Well, maybe not. It’s not exactly the usual predawn hour of antics committed by liquored-up buffoons often found chucking lawn furniture over balcony rails. Security might think me hysterical at the inability to diffuse unruly banter, deeming me unfit to carry out my concierge duties, and escort me to my vehicle where I will then have to live in the custody of my parents for an interminable length of time, never to find work again.

Only weeks before, I’d stood in line for six and a half hours (in high heels) at a Job Fair with over 5,000 other jobless souls. I’d never seen anything like it. No food. No water. No air conditioning. Luckily, an innovative Hispanic man had thought to fill a trashcan with ice and soft drinks to sell. I bought two cans of Coca-Cola for sustenance. A film crew arrived for the event capturing the shitty economy as a lead news story. When I made it through the three rounds of on-the-spot interviews and then was hired a week later, I was grateful to have finally found employment after moving in with my parents last year at their senior community home, no matter how low the hourly pay rate. I’d worked in the hospitality industry in the early ‘90s as an executive assistant to the general manager of a luxury brand hotel chain and finally, this was my chance to wake up and go somewhere! As much as I adore spending time searching for the ultimate spoon rest with my mother, or bargain hunting at HomeGoods for artificial greenery, idle hours are deadly to anyone who needs to feel useful and productive.

For months and months, I’d joined the countless ranks of people who endlessly submit their resumes online never to be called in for a live meeting – EVER. Staring at the serpentine line with thousands of job seekers, I flat-out refused to leave (kind of like this drunken idiot). I figured they had to pick somebody for the hundred jobs posted and it might as well be me. Feet throbbing, sweat dripping down my legs, by the time I finally reached the personal interview stage, my makeup had melted away and a few women had fainted from the 110F temperature. When I returned home and described the day’s event to my mother, complaining it was more than half the salary I’d been used to earning, she said, “Honey, it is what it is. If you’re lucky enough to find a job in today’s market, you’d better hang on to it no matter what.”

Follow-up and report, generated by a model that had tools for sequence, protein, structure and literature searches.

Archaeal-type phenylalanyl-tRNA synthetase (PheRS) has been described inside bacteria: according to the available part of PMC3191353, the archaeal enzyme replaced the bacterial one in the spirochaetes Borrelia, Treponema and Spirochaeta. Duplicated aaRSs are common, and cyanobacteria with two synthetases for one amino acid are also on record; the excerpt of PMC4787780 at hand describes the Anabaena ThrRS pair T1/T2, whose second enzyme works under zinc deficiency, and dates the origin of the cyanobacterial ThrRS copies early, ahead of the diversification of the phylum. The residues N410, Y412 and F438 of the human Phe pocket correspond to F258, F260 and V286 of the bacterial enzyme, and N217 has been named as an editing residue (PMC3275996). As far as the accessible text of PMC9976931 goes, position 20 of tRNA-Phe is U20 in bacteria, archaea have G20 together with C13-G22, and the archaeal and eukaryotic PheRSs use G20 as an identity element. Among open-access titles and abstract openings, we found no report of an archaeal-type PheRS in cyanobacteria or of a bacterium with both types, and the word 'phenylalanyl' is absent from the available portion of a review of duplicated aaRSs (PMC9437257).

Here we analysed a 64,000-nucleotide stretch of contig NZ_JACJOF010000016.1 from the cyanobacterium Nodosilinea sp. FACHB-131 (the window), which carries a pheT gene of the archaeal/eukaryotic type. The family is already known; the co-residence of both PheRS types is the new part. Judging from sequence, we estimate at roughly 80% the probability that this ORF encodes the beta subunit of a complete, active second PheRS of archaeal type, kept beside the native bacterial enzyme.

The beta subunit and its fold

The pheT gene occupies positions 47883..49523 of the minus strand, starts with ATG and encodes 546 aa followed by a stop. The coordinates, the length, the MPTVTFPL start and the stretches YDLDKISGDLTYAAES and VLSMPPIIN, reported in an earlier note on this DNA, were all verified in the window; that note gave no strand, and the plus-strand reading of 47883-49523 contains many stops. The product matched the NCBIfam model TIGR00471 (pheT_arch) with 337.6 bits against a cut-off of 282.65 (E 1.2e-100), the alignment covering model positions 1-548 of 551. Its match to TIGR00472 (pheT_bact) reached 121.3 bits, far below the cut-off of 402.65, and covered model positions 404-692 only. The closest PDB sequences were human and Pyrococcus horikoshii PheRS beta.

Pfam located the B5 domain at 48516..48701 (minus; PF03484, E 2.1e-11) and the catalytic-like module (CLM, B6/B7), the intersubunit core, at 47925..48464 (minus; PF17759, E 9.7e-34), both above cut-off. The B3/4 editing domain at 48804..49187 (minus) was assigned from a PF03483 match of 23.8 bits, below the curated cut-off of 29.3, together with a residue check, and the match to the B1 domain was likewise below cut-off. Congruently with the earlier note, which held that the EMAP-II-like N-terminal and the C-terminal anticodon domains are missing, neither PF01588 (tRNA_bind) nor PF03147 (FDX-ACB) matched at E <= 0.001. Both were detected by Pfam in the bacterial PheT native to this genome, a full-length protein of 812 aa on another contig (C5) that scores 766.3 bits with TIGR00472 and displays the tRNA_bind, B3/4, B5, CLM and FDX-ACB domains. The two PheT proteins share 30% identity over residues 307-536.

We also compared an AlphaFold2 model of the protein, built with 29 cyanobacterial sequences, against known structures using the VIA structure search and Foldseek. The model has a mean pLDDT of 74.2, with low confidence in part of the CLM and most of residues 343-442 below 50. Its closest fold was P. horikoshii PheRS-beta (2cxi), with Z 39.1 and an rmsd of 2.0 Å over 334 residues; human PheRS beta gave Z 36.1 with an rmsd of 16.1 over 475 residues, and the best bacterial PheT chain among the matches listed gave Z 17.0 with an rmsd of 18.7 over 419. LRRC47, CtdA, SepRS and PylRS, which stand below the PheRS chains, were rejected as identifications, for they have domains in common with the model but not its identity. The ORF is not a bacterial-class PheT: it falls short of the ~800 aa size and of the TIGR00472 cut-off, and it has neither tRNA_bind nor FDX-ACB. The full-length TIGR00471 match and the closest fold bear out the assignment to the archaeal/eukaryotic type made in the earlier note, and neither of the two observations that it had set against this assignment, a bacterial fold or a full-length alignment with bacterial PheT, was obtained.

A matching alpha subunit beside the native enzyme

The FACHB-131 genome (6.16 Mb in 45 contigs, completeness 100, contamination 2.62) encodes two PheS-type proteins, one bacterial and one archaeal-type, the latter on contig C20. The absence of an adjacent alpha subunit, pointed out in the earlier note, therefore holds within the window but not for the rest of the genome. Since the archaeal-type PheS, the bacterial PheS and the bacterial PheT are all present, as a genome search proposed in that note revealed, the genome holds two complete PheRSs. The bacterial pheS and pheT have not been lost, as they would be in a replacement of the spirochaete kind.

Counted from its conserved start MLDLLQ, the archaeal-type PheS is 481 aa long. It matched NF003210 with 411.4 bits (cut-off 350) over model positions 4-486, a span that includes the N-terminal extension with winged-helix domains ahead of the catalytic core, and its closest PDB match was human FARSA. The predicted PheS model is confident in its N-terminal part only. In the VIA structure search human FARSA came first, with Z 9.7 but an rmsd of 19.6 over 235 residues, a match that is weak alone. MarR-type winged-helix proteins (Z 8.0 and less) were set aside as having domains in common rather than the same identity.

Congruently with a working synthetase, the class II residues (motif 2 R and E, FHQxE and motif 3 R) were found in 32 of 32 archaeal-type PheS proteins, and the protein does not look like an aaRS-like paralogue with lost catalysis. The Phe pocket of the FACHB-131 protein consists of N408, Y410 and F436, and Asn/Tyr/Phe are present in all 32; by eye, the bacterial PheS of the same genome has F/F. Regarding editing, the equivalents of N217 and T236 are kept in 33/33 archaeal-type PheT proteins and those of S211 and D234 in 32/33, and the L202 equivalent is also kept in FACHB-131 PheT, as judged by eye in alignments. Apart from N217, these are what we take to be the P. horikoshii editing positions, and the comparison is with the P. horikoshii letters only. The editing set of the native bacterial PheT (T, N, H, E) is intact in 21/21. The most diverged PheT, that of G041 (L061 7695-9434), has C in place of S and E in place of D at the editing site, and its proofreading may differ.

No matter what?

Fine, I’m delighted for this wasted man’s proficiency in the oral arts, though it is not clear if he means in the “giving” or the “receiving” end but, frankly, I do not probe further or phone in for backup. Instead, I kindly direct him with a wave of my hand and say, “You need to walk that way, and then turn right.” Of course if he follows the route I’ve indicated he will possibly trip and fall head-over-feet into the swimming pool located beyond the glass doors adjacent to the lobby.

Now he’s plopped his doughy ass atop the calendar of events folder splayed across the desk knocking the pen and pencil holder over with a crash.

“Wanna go somewhere with me? Right now?!” he asks with a sickening sense of urgency.

“Hey! Can’t you see I’m working here?” I say with Bada Bing authority, recovering the fallen writing instruments with one swoop of the hand.

“Oh, and just so ya know, I’ve got loadzzz of money,” he persists in hopes I’m not only the kind of employee to service guests sexually, but a gold-digging ho as well.

I remain motionless; mute.

“You’re hot,” he adds – one last compliment masked as an insult.

In this garb? Man, this jerk is the walking definition of “blind drunk.”

I stay hushed and stare back with the kind of glazed indifference months of joblessness breeds. I shoot him a laser sharp don’t-fuck-with-me glare that penetrates his psyche like a super hero scorned. He’s noticeably wounded, and finally sulks off amidst the throng of packed bar patrons under a blaring canopy of techno beats, and gets swallowed up by the crowd.

Secretly pleased with my cool, guest relations achievement, I rise and begin to sway to the music. (Dancing’s encouraged here.) I say the words again, not as a horrified afterthought or a questionable revelation. I say it with the kind of pride that comes from punching a time clock for $12 an hour at the end of the day. I say it with a pumping fist and a hearty guffaw. I say it now like a rebel yell because I cannot actually believe it myself:

“I’m working here. I’m WORKING here!!”

Jill Paris is the author of Life is Like a Walking Safari, a Thought Catalog original.

“I’m Working Here” was published in Gen F: An Anthology of Short Stories of Comic Tragedies, Humiliations, and Reversals of Fortune for Those Displaced by Technology and the Economy.